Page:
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Some need to know, with a bit of WealthDesign nice to know thrown in.

“Okay, boomer!”

Most of us remember the now famous “okay, boomer” comment from Chloe Swarbrick in parliament, which may have been meant as a put-down to a fellow politician who allegedly heckled her during a debate on climate change. Funnily enough, we actually use life stages as part of our financial planning framework at WealthDesign. And we’re keen to see the “boomer” segment of our population in a more than “okay” situation!

We class the 55 year olds and above as “Planners”. This broad group are the boomers and above (those in 1964 or before), along with the top end of the Gen Xs (those born from 1965 to 1975). They are now either fully focused on their next life stage or are about to be. The fact is, there is a good chance they will live as many years in retirement as years they may have worked. Their problem is that KiwiSaver hasn’t been around long enough for them to rely on their KiwiSaver balance, to comfortably retire.

Often this group have their kids off their hands, their mortgages paid down and have higher disposable incomes, however this isn’t a time to coast.

Massey University did an extensive research paper in 2017 and established that a retired couple would need between $1,399 and $1,104 per week to live in relative comfort.

The good news is the New Zealand Government Superannuation provides $652 week, but leaves about $600 per week shortfall. The problem is we are now living in a low interest environment and to generate $600 per week to cover the shortfall, you would need around $2.7 million in the bank.

The answer unfortunately, is planning and compromising. Most boomers will work until they are 70 – not through choice, but through necessity.

If you are a boomer or a Gen Xer, give me a call as it’s time to plan for your next life stage.

John Barber

WealthDesign – a life well planned

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Today the market is increasingly volatile on the back of the coronavirus crisis. Prices are down and people are talking about the losses they have made on their KiwiSaver schemes.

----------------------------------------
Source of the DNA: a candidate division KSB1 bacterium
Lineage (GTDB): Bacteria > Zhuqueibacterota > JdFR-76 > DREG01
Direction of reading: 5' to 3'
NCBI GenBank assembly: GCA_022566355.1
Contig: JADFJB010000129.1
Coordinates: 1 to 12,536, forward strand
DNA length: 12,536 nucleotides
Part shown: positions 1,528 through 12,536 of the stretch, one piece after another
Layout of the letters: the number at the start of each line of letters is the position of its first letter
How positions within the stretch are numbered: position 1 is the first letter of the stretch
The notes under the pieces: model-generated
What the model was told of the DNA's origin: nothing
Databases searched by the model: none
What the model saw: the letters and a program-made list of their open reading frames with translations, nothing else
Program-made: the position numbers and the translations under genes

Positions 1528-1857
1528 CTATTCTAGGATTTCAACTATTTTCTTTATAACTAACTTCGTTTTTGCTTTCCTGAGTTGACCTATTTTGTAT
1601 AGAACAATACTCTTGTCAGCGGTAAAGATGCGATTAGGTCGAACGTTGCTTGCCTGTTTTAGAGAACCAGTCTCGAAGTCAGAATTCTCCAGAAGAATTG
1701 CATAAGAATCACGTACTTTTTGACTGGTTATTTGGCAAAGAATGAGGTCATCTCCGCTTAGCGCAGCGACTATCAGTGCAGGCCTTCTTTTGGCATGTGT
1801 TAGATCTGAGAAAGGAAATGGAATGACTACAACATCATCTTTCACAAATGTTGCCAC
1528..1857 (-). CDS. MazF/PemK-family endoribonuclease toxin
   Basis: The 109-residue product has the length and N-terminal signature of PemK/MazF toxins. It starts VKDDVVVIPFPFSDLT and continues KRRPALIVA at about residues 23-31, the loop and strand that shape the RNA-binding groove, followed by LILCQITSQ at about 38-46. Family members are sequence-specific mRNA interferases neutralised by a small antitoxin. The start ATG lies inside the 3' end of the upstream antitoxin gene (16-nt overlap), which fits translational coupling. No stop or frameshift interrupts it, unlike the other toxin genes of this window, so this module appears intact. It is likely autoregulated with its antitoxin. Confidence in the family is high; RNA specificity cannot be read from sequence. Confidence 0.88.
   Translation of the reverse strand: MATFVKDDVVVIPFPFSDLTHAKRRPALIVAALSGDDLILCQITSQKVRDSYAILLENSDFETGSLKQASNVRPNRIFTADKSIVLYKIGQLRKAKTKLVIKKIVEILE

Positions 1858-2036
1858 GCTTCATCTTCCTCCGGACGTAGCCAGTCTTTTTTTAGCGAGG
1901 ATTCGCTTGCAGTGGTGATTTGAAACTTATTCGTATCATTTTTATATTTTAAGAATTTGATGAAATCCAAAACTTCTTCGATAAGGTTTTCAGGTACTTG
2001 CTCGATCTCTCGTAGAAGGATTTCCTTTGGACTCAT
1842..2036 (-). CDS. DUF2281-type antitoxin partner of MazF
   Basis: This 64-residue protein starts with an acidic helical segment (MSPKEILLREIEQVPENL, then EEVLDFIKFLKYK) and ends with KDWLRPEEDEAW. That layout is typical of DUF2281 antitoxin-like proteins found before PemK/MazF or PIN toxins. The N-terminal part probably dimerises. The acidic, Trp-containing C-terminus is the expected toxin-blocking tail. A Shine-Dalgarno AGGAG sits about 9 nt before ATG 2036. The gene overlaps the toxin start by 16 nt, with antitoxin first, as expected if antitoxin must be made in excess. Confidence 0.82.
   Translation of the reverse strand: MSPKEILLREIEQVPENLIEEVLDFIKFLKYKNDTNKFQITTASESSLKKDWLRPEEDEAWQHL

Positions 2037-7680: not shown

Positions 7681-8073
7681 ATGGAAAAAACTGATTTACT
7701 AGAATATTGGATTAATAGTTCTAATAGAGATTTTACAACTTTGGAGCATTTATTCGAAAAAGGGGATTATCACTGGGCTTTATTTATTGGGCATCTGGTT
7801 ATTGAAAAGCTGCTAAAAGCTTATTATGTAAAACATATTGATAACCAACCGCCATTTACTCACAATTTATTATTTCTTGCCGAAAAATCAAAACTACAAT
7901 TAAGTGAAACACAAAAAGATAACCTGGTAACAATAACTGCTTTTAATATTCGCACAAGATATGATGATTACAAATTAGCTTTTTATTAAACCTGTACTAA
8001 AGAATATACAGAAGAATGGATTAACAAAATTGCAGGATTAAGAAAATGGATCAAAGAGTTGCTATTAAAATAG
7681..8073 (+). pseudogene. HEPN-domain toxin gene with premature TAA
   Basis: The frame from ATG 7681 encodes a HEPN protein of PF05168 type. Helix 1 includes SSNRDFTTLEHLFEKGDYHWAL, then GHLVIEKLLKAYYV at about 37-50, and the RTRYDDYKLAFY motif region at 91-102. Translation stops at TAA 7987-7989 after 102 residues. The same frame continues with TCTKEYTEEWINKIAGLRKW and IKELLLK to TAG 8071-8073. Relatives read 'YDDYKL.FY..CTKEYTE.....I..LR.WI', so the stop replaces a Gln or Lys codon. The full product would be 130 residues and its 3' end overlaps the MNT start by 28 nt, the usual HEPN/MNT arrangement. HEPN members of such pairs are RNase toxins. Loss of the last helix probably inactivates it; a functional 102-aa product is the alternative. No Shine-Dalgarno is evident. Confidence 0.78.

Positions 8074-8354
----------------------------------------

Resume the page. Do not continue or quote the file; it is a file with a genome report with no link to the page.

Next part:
It is at times like these that I remember why I don’t like managed funds! I’ve been running investment portfolios for clients for many years and I’ve lived through both good and bad market cycles (yes, I deserve these wrinkles!). In 2008 we saw the world equity markets lose around 50% of their value and lots of investors had a tough year or two. In the past few years it seemed nothing could go wrong. That was until the coronavirus struck.

I like investors to know where their money is invested. Why? Because when things are tough, smart investors get out their cheque books and start buying companies from those who want out of the market. They are armed with knowledge and make the most of the timing to make the best of the circumstances.

Funnily enough, the sellers at these times are often the fund managers. In my opinion, this is because investors in managed funds (including KiwiSaver) are completely disjointed from where their money is actually invested. They don’t know if their fund manager is holding shares in great companies or if they are invested in the next get-rich-quick share. It’s not until after the event, who owns what becomes apparent.

For me, I want to invest in companies that have strong balance sheets, robust business models and conservative debts. As a by-product of this, these companies normally pay solid dividends.

A current example would be Contact Energy. Trading today at $6.02 and paying a gross dividend of 8.0%. This share is down from $7.66 on February 20.

My question is, has the Contact Energy business changed? Will the coronavirus impact on their business in the next twelve months? Will Contact Energy be around in 10 years’ time and making money?

My view is simple. As an investor, it’s your money and you should be in control. Don’t pass the responsibility and decision making to someone else. If you do, don’t be surprised if the outcome is average at best.

If you want to come and talk to me about my approach to investing for me and my clients, contact me now. I’m always happy to be helping people reach their investing goals. And your initial chat is always free of charge.

Disclaimer: The market is volatile and share prices can and do change. This is not a recommendation to buy or sell any asset as each individual should get personalised advice suitable for their circumstances.

 

John Barber
WealthDesign – a life well planned

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Knowledge is power and there is often a knowledge imbalance when you are talking to your bank.